roots Is like pulling an animal’s
teeth and then expecting it to hustle
for the food it needs. Some times
farmers cut off the yield of their
corn crop from 5 to 10 bushels per
acre by deep cultivation, thinking
that only “elbow grease” is neces
sary to make a good corn crop. Fre
quent and shallow cultivations also
help to retain the moisture that
should be present in the soil to carry
the corn crop through a drought
A deeply broken soil, therefore,
well pulverized, filled with humus,
planted to good seed, and properly
cultivated ought to make a big yield
of corn for any farmer.
When You Hire Help.
Messrs. Editors: One of the fun
damental secrets of success In any
calling Is the ability to judge human
When you employ men, employ
only good ones, when you can.
Careful, honest, conscientious men
are treasures. A man so slow that
he never makes mistakes Is simply
N'. G., and equally as bad is the
rushing man who makes only mis
takes and does nothing or little
Stick to the man who works his
brains tame, and his hands some.
Eire the man at once who is fiery
in temper, yells and storms about
the feed lot and barn, storms or
clubs the stock and kicks the dog
from sheer ill nature.
There are far more balky drivers
than balky horses; more kicking
milkers than kicking cows.
I do not think any horse properly
broken need to be balky, nor any
cow carefully cared for, vicious.
When you see a mau of 50 or 60
who has worked everyhere, at near
ly everything, and is still rolllug
mossless, you may as well let him
roll by, for all the good he will do
you. He is wrong somewhere, you
may be sure.
1 have known many a man to
lose a good place or throw away
the fruits of a long time of Industry
and kick himself out of a good Job
by a single lapse of control. A kind
disposition and even temper are ab
solutely necessary among stock for
success, as well as among help.
And If a Hrui, even temper Is es
i sentlal to the man who does the
i work, It is even more so to any man
1 who directs other men's work.
Coffee Co., Tenu.
Many farmers pay half their money
for the machine and the other half
for the privilege of letting It take
- the rain and sunshine.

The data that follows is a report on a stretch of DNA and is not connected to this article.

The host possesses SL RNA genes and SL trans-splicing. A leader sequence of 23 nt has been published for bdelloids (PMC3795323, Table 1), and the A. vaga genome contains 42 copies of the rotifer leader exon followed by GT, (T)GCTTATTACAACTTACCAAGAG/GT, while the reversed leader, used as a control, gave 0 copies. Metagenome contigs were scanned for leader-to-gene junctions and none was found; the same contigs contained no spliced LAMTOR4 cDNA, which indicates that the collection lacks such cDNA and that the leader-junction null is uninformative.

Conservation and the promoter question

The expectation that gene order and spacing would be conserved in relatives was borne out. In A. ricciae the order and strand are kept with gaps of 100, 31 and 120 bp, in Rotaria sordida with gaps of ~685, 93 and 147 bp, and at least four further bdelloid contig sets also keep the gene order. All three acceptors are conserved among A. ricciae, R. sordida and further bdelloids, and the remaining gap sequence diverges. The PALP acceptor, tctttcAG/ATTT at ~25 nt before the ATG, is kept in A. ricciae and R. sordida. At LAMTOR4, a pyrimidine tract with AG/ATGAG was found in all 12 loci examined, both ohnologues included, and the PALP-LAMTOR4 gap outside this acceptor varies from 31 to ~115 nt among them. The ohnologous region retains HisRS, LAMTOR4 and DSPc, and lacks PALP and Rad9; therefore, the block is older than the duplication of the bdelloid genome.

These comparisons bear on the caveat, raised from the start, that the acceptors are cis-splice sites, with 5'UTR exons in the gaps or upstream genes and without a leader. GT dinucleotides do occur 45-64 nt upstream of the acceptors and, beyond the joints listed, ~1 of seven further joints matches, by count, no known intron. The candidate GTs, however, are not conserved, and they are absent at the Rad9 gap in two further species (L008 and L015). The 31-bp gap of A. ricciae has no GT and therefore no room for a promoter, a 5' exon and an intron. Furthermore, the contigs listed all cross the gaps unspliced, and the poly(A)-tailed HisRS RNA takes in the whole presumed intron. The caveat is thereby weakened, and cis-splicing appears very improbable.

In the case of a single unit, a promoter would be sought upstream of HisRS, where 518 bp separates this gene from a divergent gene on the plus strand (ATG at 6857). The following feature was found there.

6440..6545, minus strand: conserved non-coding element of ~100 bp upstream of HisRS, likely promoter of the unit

I From Oven Door I
H to Farm House Door jS
That sums up the whole story
when you buy soda crackers by
m As soon as they are baked they are UN|
JSjf) placed in moisture-proof packages. In V$/
| this way they are kept free from dust, ■
I damp and other harmful conditions. I
m This means that you are always w
yMr assured of fresh, clean, crisp, unbroken Sjj
■ soda crackers no matter where you ■
■ buy them or when you eat them. I
They come in five cent packages. M
M (Never sold in bulk) |B
Your paper is indeed a great help
to the demonstration agent. When
I find a Progressive Farmer and Ga
zette reader, I find a man that has
the progressive spirit and his farm
shows it. We have no trouble get
ting the work carried out according
to instructions by Progressive Farmer
readers.—A. R. McDonald, Special
Agent, Waldron, Ark.
Main Line-South Bound.
. . Na*. Na&
Lv Jacksoo 6 JO a m. 3J6 a m.
Lv Hattiesburg 9:43 a a 70S p. m*
Ar Gulfport 12J0 p. m. 10.00 a m.
Columbia Division-South Bound.
Na 101. Na 109.
Lv. Mondonhsll 7:30 Am. Lv. Jackson 2 JO p.m.
Ar. Gulfport 1:40 p.m. Ar. Cnlumhia fl-BOp.m
Main Linb-Nobth Bound.
. „ _ Na A Na A
Lv Gulfport 7:40 Am. 446 p. m.
Lv Hattiesburg 10 JO a bl 7:43 a m.
Ar Jackson 1:66 a m. 11O0 p. bl
Columbia Division—North Bound.
Na 108 Na 110
Ar. Mendenhall 946 p.m. Ar. Jockaon 10:16 Am.
Lv. Gulfport 2:46 p.m. Lv. Columbia 6:10 Am.
Connection* at Gulfport, Lumberton, Columbia.
Hattiesburg. Laurel and Jackson with all lines.
For further information, apply to
J. L. HAWLEY, General Passenger Agent,
Effective March 28.1910. Gulfport, Miss.
Low Excursion Rates
California, Washington, Oregon and
British Columbia. For Information
as to Dates of sale, limits, stopovers,
routes, sleeping car reservations,
schedules, etc., apply,
Local Agent D. P. A.
Jackson. Miss.
JNO. A. SCOTT. A. Q. P. A..
Memphis. Tenn.
For Information as to Lands In
The Nation’s Garden Spot
That Great Fruit and Truck Growing
Section Along the
in Virginia, North and South Carolina, Georgia,
Alabama and Florida, write to
Agricultural and Immigration Agent,
Atlantic Coast Line, Jacksonville, Fla.